This Is Not The Way To Do Healthcare Reform: Democrats Propose Windfall For Insurance Industry

By L. Randall Wray

It is beginning to look like Congress is going to vote to pass health care legislation on Sunday. According to the NYTimes, Democrats are practically celebrating already. here
It is interesting, however, that no one is talking about providing benefits to the currently underserved.
Rather, the “good news” is that the bill is supposed to be “the largest deficit reduction of any bill we have adopted in Congress since 1993,” according to House Democratic leader, Rep.Steny H. Hoyer of Maryland. “We are absolutely giddy over the great news,” said the House’s number three Democrat, Rep. James Clyburn of South Carolina. (Of course, deficit hysteria is nothing new. See here

Who would have thought that health care “reform” would morph into deficit cutting?

As Marshall Auerback and I argue in a new policy brief here
, the proposed legislation is not “reform” and it will not reduce US health care costs. I will not repeat the arguments there. But very briefly, the most significant outcome of this legislation is the windfall gain for insurance companies—who will be able to tap the wages of the huge pool of nearly 50 million Americans who currently do not purchase health insurance. Since many of these are too poor to afford the premiums, the government will kick in hundreds of billions of dollars to line the pockets of health insurers. This legislation has nothing to do with improving health services for the currently underserved—it is all about increasing the insurance sector’s share of the economy.

You might wonder how Democrats can call this a deficit reduction deal? Elementary, dear Watson. They will slash Medicare spending. No wonder—it stands as an alternative to the US’s massively inefficient private insurance system, hence, needs to be downsized in favor of an upsized private system.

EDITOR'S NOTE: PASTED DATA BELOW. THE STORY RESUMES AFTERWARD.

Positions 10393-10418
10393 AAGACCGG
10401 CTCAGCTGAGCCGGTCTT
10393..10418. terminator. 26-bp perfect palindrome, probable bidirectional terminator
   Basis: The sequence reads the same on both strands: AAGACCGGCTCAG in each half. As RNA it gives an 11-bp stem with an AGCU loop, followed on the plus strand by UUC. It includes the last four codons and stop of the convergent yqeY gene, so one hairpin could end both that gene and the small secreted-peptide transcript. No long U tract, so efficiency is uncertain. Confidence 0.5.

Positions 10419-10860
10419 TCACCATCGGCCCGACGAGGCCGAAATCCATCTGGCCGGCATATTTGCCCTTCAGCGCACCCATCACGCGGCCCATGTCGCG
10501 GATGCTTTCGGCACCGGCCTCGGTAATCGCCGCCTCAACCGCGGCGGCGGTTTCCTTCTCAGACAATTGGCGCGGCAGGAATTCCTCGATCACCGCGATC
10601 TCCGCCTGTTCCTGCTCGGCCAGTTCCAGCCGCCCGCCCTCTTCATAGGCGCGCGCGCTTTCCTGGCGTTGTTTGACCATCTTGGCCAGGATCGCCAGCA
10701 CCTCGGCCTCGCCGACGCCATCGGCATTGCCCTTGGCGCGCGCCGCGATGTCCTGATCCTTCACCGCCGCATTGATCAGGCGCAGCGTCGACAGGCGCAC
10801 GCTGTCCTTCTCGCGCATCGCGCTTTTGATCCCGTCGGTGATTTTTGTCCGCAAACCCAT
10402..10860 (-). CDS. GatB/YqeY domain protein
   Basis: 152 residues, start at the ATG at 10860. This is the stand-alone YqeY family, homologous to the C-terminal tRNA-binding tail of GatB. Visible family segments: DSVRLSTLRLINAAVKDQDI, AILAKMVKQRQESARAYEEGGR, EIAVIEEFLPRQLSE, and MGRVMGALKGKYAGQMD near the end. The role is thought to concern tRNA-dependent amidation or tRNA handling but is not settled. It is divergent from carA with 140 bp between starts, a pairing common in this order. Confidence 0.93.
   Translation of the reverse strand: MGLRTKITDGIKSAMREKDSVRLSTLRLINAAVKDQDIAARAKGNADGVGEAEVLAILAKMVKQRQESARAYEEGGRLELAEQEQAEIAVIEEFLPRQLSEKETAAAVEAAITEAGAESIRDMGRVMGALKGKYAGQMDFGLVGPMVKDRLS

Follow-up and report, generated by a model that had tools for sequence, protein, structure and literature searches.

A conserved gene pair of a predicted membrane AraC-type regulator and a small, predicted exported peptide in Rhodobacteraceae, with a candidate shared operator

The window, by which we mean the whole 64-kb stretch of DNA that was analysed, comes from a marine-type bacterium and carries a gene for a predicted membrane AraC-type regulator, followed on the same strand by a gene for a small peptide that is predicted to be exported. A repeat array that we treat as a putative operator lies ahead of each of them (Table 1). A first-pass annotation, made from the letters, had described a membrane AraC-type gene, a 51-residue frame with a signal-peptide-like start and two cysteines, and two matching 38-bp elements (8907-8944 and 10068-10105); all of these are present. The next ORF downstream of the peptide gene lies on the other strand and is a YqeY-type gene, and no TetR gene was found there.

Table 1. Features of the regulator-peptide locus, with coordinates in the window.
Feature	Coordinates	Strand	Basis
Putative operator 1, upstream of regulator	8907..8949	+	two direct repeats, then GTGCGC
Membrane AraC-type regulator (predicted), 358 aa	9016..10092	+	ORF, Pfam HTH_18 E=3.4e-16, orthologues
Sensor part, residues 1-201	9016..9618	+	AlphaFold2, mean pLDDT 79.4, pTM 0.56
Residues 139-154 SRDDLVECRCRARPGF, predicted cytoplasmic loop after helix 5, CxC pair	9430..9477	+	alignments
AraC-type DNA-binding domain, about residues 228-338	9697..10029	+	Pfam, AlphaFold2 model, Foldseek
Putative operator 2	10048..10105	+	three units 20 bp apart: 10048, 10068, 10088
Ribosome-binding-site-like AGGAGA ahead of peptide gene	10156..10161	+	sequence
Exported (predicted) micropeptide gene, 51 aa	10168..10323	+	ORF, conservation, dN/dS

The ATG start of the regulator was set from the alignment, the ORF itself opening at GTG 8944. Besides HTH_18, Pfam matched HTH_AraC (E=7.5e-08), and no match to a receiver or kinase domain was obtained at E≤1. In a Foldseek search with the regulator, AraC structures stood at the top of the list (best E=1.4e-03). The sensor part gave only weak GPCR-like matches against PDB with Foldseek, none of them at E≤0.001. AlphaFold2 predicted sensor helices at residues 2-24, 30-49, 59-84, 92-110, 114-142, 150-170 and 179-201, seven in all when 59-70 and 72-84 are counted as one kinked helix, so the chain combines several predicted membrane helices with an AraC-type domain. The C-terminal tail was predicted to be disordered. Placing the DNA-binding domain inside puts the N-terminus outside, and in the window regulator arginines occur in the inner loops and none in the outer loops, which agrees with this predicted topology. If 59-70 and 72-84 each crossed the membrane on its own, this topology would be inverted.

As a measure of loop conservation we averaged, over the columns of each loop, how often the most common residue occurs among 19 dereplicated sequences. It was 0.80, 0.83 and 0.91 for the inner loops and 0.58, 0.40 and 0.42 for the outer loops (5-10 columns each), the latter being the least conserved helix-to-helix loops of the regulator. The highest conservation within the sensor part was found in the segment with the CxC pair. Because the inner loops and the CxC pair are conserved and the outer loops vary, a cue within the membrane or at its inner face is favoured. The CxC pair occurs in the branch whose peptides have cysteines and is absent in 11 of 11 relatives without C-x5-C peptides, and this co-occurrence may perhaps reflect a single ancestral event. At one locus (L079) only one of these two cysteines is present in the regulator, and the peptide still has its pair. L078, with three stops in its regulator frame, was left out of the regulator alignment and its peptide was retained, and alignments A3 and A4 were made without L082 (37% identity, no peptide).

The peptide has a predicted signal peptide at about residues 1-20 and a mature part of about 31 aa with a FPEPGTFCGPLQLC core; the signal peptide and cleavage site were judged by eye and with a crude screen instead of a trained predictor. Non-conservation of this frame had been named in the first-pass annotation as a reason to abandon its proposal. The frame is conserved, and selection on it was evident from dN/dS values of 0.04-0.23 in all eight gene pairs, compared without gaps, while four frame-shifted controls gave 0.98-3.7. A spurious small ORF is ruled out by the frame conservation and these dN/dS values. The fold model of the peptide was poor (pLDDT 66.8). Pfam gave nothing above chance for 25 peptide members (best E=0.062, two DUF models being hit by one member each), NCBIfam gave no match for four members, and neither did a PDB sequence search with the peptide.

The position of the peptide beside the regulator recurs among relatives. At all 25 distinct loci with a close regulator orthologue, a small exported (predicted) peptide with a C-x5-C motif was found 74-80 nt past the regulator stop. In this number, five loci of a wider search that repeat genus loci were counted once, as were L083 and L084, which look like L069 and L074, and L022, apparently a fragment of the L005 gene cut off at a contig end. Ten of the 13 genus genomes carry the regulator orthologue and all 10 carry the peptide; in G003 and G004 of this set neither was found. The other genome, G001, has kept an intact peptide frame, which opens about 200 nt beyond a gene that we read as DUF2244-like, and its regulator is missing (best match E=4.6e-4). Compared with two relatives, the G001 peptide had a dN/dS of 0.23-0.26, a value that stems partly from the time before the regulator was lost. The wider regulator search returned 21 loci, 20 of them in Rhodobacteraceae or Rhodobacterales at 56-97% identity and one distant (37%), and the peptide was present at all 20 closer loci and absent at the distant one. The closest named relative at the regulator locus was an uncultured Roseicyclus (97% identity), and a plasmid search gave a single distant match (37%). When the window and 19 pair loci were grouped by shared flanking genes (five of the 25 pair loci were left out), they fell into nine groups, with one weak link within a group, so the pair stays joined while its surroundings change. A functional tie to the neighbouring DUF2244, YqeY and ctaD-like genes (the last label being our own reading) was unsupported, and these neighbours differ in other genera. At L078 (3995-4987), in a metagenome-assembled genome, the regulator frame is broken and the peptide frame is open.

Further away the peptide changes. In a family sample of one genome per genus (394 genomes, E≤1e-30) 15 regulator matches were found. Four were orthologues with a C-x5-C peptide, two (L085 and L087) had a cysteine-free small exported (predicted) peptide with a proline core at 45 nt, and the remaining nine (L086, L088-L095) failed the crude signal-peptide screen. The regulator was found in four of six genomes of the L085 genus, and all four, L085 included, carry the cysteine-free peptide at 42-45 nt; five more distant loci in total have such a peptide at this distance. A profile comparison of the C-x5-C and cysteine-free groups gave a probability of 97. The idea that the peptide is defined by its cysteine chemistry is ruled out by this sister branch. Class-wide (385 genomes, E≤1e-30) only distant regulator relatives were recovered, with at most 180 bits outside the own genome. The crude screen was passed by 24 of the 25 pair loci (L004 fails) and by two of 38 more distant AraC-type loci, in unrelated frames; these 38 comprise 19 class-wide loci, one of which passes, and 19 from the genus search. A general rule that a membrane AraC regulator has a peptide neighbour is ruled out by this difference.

There is nothing in the deal that will significantly reduce health care costs. At best, it will simply shift more costs to employers and employees—higher premiums, higher deductibles, higher co-pays, and more exclusions forcing higher out-of-pocket expenses and personal bankruptcies. As we show in our paper, the US’s high health care costs (at 17% of GDP, double or triple the per capita costs in other similarly wealthy nations) are due to three factors. As many commentators have argued (especially those who advocate single-payer) part of the difference is due to the costs of operating a complex payment system that relies on private insurers—resulting in paperwork and overhead costs, plus high profits and executive compensation for insurance executives. This adds about 25% to our health care system costs. Obviously, the proposed legislation is “business as usual”, actually adding more insurance costs to our system.

In addition, Americans spend more for medical supplies and drugs. Since the Democrats ruled out any attempt to constrain Big Pharma through, for example, negotiating lower prices for drugs, there will not be any savings there.

Finally, and most importantly, the biggest contributor to higher US health care costs is our American “lifestyle”: too little exercise, too much bad food, and too much risky behavior (such as smoking). here